I know everyone has an opinion on the way one handles their situation but it's very easy to make judgement when they are not living it every day. If my mum felt pressured to put me in a nursing home one day I would be devastated. I think it's awful for you being told that and doubly awful for your daughter to hear that:( us MSers do have a guilt about being a burden sometimes (I know I do) but if we could just get up and do things ourselves we would......(it's not your daughter's fault she never asked for this) so I'm glad you are standing by her but I also appreciate you need a life too so I wish there was someway for you to be able to share the caring.
If you have a chance as mentioned do look into sick and nearly dead, joe cross, terry wahls and George jelinek as they are all working hard to help people improve their health through diet.
I wish you and your daughter the best xxx
Welcome to ThisIsMS, visionofvenus. Like LR1234, I am so very sorry to hear of your daughter's situation. We are here to help you in any way we can, even if that is only to listen. I understand your love and devotion to your child; the pressures and demands on you are overwhelming – I am sad that no one has stepped up to help you. Are there social/community services in your area, or a church relationship, or a counselor/therapist that might support you in some way that you need? Can you find even one compassionate physician or family member with whom you can be open and really talk to about your feelings? Your daughter has specific needs, but YOU have needs, too. I want to believe that someone wants to help you, but simply doesn't know how – can you offer them some direction?visionofvenus wrote:I am the mother and full time caregiver for my sweet daughter who was diagnosed in 2007 with MS. In 2008 she was rediagnosed with progressive MS. Her neurologist has told me he has only seen one other case this progressive. She is bedridden and has pretty much every symptom a person can have. she cannot use her hands because of tremors. she cannot walk or stand. She has no bladder or bowel control. She only uses Ensure for nourishment as choking has become such a problem. She has cognitive issues, short term memory problems, inappropriate behavior, cursing. She is 29 years old, was diagnosed at 23. I share the frustration I've read on so many web sites concerning the lack of information regarding end stage MS. Doctors are vague at best when I ask what to expect and I've searched the web for anything I can relate to and find nothing. My rant is this: I take care of her here at home and it does take up pretty much all of my time but I don't think it is crazy of me to want to do this. I believe most mothers would want their daughter with them as long as possible. I have 2 other daughters who are in their 30s, have families of their own and know that I love for them to visit as often as possible. My marriage is horrible but it was that way before my daughter became sick. I won't bore with details but it's important to know that we don't actually have a marriage and this was my husband's doing. He is very much to himself, always has been, and sits In his room all night on his computer and sleeps all day. Here's the point, one of my daughters and my husband suddenly have become resentful of my daughter and the fact that I devote my time to taking care of her, of being in her room taking care of her most of the time. They told me recently that I should put her in a nursing home which I will not do. Someday I may not have a choice but for now I want her here with me so I can have as much time with her as I can, along with the fact that for her, the thought of being in a nursing home is beyond devastating. She has said she would prefer to die than be put in one and I don't blame her. I have a huge family that all live within 5 miles of me and they all have an opinion about what I should be doing yet not one of them has ever offered to come over and help for an hour. Not one person in my family has read a book about MS which blows my mind. They all think they are experts about MS because they seem to know a neighbor who has an aunt with RRMS who is doing great so they believe if I would just force my daughter out of bed, which required a hoyer lift, and make her drink pureed veggies she would get better. This is tearing my family apart. I hear my husband being hateful to her and it makes me hate him. When my daughter was here telling my daughter with MS that she should go into a nursing home I was so hurt at how cold she was that I can't get past it. I feel like it is me and my daughter against the world. She knows the only person she really has is me. Imagine being in your 20s dealing with everything she does, knowing it will only get worse. the loneliness, knowing she'll never date or get married, never be a mother, all her friends disappeared as she became more disabled, being talked to hateful by family members who resent her for taking my time. I feel so much hurt and anger. I will lose my daughter after these years of watching her deteriorate which is enough to kill a mother and I know that when she is gone I will look at the people who were so unkind and hateful and I will feel such resentment. I know this isn't a question but I guess I needed somewhere to get this off my chest and see if there is anyone out there who has faced a similar situation.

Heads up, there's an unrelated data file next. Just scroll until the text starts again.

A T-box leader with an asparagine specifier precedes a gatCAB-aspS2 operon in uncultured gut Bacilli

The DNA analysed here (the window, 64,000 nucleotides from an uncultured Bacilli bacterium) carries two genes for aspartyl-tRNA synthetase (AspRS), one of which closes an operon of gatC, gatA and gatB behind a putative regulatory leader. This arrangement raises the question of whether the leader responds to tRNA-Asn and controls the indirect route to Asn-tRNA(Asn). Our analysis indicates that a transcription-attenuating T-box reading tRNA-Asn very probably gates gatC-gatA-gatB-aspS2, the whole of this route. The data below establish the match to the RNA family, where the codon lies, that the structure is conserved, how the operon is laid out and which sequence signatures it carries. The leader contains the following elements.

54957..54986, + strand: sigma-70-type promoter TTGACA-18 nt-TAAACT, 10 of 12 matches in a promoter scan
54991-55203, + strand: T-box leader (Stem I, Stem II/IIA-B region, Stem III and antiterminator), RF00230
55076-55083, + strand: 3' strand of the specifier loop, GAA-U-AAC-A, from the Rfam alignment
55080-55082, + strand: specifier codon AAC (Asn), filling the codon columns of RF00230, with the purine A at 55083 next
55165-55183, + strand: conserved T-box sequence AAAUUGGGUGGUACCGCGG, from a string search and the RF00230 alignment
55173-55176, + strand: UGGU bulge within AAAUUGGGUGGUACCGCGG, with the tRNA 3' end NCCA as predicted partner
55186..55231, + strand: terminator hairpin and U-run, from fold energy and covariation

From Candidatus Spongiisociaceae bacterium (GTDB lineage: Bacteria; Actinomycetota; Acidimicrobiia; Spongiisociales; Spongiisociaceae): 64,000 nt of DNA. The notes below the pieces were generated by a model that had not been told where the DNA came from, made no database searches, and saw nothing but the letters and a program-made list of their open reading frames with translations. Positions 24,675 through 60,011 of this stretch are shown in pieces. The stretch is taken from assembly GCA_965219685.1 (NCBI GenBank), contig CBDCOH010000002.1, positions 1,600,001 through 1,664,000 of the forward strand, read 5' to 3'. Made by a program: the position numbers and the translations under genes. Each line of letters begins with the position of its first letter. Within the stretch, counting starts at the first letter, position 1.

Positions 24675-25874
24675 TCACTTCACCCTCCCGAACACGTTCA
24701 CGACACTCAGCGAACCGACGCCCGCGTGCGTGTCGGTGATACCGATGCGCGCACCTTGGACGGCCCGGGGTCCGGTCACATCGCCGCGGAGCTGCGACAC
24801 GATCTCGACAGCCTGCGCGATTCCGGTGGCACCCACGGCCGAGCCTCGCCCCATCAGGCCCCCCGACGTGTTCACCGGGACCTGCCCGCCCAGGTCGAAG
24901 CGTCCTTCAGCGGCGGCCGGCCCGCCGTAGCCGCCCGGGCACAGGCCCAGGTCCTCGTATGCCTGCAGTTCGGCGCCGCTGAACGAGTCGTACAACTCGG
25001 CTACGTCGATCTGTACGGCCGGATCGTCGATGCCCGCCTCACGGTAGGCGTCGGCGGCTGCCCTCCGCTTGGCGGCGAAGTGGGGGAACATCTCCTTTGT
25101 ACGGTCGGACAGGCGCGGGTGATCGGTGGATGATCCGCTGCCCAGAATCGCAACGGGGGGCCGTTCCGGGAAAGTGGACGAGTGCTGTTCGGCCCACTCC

You have found a group of friends here at ThisIsMS; we all have different experiences and opinions with this AWFUL disease. Here is one of the earlier discussions about the documentary film, Fat, Sick and Nearly Dead, that LR mentioned: http://www.thisisms.com/forum/diet-f9/t ... ?hilit=fat, sick and nearly dead
And another: http://www.thisisms.com/forum/diet-f9/t ... ?hilit=fat, sick and nearly dead
If the two men in the film could be healthy and even overcome their autoimmune disease with a "juice diet" of several months, perhaps even this is worth a try in these desperate times with your daughter and her MS (another autoimmune disease).
Even Dr. Terry Wahls has found improvement with diet in her MS: http://www.terrywahls.com
At this time, I have my own unique ideas about my MS: I think that diet is very important. I have incorporated juicing into my diet. I have eliminated wheat/gluten from my diet – does the Ensure your daughter uses contain a wheat or gluten component? Even among the experts, the cause of MS is unknown. We are all searching. We understand your frustrations. We are glad to have you share with us.
understand or relate to your lives. My son also had an aggressive, progressive case of MS. He tried EVERYTHING to heal himself.
I will not go into any more detail,, but you can read his blog thegreekfromdetroit.com.
He made the choice to die and did so on March 3, 2013. He did not want the life MS had condemmened him to.
It is the greatest tragedy of my life. My heart goes out to you and your daughter.